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Matthew Freeman is a Brooklyn based playwright with a BFA from Emerson College. His plays include THE DEATH OF KING ARTHUR, REASONS FOR MOVING, THE GREAT ESCAPE, THE AMERICANS, THE WHITE SWALLOW, AN INTERVIEW WITH THE AUTHOR, THE MOST WONDERFUL LOVE, WHEN IS A CLOCK, GLEE CLUB, THAT OLD SOFT SHOE and BRANDYWINE DISTILLERY FIRE. He served as Assistant Producer and Senior Writer for the live webcast from Times Square on New Year's Eve 2010-2012. As a freelance writer, he has contributed to Gamespy, Premiere, Complex Magazine, Maxim Online, and MTV Magazine. His plays have been published by Playscripts, Inc., New York Theatre Experience, and Samuel French.

Monday, October 17, 2005

Capote and the Dangers of Honesty

Saw the film "Capote" over the weekend. It made me think about writing and it's inherent side-effects. About using life as art, and how honest we are able to be before we step over personal and private lines.

My work has lately been overly honest. In "The Great Escape" I wrote about a Mother who was remarried and her children rebel. This was during a time when my Mother remarried. In the play, the Mother's name is Susan. My mothers name is, of course, Susan.

For some reason, I couldn't find a way to change it and make it ring true. Even though I was well aware that was completely from my own perspective. The character that most closely resembled me, for example, was not named Matthew. He was Henry. Maybe it's easier to abstract oneself. Or maybe I'm just a selfish masochist.

Either way, the last time I attended a party at my mother's house, her friends made a note of telling me how hurt she was by how she was portrayed in the play. And I thought to myself that I had placed myself directly in this morally ambiguous position. I felt, on one hand, emboldened by my dedication to writing what felt true to me, and stiffening my resolve for even the most difficult things to come out about me and my family. On the other hand, I realized that my own life was not the only one affected by what I'd written.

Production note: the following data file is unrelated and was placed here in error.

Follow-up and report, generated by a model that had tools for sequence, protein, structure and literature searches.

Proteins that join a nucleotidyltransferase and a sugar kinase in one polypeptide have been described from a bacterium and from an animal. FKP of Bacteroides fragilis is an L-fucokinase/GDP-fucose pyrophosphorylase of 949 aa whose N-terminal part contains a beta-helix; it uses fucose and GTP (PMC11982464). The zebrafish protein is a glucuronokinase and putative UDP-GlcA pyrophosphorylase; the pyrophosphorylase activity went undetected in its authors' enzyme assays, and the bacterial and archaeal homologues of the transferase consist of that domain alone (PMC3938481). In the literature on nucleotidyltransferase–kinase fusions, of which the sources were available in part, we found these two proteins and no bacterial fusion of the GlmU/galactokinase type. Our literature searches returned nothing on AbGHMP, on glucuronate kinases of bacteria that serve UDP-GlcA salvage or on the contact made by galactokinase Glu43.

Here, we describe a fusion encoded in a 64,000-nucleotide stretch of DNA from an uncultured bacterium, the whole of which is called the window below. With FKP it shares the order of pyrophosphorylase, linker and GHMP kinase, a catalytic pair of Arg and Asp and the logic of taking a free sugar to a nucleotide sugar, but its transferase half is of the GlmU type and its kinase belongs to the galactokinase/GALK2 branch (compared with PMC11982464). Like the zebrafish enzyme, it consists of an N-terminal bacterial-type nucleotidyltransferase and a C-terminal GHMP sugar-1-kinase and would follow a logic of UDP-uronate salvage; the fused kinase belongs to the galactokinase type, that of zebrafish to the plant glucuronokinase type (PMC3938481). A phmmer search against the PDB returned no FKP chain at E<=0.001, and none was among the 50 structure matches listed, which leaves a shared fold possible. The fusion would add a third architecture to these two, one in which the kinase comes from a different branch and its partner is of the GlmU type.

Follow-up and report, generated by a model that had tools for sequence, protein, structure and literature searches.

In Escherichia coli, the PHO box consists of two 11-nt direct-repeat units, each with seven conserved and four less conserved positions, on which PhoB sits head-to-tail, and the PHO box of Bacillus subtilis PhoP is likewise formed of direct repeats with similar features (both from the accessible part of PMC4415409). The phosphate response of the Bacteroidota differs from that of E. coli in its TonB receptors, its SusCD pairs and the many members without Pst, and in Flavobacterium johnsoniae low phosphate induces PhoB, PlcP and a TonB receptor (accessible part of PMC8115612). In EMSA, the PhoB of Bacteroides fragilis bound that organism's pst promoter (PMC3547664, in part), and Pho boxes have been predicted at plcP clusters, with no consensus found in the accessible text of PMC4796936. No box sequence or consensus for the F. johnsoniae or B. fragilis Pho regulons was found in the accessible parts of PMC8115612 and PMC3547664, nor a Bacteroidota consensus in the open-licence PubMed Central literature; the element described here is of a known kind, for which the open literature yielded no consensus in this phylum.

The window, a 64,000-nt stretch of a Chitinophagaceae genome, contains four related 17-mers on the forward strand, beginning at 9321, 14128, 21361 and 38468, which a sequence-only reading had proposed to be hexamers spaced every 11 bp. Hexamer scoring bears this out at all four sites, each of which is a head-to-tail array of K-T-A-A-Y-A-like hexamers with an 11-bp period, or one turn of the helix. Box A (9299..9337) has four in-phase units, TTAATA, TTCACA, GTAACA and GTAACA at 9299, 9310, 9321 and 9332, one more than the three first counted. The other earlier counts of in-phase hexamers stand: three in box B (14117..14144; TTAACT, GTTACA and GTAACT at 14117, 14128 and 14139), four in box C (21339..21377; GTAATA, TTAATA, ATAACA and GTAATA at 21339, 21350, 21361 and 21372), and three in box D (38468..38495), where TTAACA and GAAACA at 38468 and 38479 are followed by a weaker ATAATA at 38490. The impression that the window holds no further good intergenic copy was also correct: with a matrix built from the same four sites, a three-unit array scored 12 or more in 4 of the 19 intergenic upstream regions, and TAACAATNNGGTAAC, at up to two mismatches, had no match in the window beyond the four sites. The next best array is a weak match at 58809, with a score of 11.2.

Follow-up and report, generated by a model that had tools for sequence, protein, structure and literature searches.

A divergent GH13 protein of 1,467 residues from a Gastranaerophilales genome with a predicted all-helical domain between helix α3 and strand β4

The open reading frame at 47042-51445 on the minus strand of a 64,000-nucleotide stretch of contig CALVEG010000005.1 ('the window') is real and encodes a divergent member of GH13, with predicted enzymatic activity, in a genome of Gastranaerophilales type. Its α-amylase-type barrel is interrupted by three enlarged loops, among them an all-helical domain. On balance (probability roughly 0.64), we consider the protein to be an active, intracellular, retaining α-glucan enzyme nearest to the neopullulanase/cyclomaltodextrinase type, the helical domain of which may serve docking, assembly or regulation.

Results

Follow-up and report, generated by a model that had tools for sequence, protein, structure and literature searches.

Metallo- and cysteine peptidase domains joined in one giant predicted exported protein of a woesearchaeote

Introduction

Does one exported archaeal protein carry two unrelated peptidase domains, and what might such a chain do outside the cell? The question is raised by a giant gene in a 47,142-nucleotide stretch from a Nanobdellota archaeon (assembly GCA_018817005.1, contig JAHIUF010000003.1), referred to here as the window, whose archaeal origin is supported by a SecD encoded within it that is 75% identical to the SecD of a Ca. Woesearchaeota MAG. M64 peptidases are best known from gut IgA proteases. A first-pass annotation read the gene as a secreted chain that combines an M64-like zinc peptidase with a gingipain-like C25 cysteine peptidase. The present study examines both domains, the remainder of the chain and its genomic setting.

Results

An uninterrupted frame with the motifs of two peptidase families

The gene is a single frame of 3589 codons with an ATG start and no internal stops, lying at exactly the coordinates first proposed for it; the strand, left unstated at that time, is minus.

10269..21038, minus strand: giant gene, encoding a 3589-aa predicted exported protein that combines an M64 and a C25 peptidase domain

The play does not truly resemble my family, it just uses them liberally for what I felt was the most desperate and comic effect. I found myself more easily writing from a place of painful humor when I was essentially risking a great deal. I felt that improved the play for the audience; that people can tell false from true.

In "Capote" we see Truman Capote's amazing zeal for his own work to be spectacular. He was dedicated to himself, and his work, and felt nothing stronger than the desire for a great piece of literature. "In Cold Blood" as a work of literature, holds that his sacrifice appears balanced by the result. Then again, he never completed another novel, and died an alcoholic. His cruelty to himself and those around him in service of a book might strike some as not worth the effort.

There's no easy answer to what is acceptable on the page, and what one can absorb into their life without risking some change, affection, or damage. If writing becomes so calculated ("Is what I'm doing worth the cost?") is can quickly devolve into compromised vision before it ever reaches the first draft.

How much honesty is acceptable? I'd be willing to accept that my inability to unwrite a simple name, my mother's name, may be both a failure of imagination on my part and an effort to rebel against limitations: a selfish act that says as much about me as not using my own name does. Or it could be that I simply can't find it in me to write anything that doesn't speak to me unconsciously. It felt right to falsify my name and use my mother's. It may not feel good, but it felt like the play I was writing.

Interested to hear about other's experiences with this issue. As I'm writing my new play "The Most Wonderful Love," I find the issue returning, especially as I write what is essentially an entire scene that mocks and perverts the Book of Common Prayer. Curious how my father will take to that particular scene, and if I can find any reason to shield him or myself from it.

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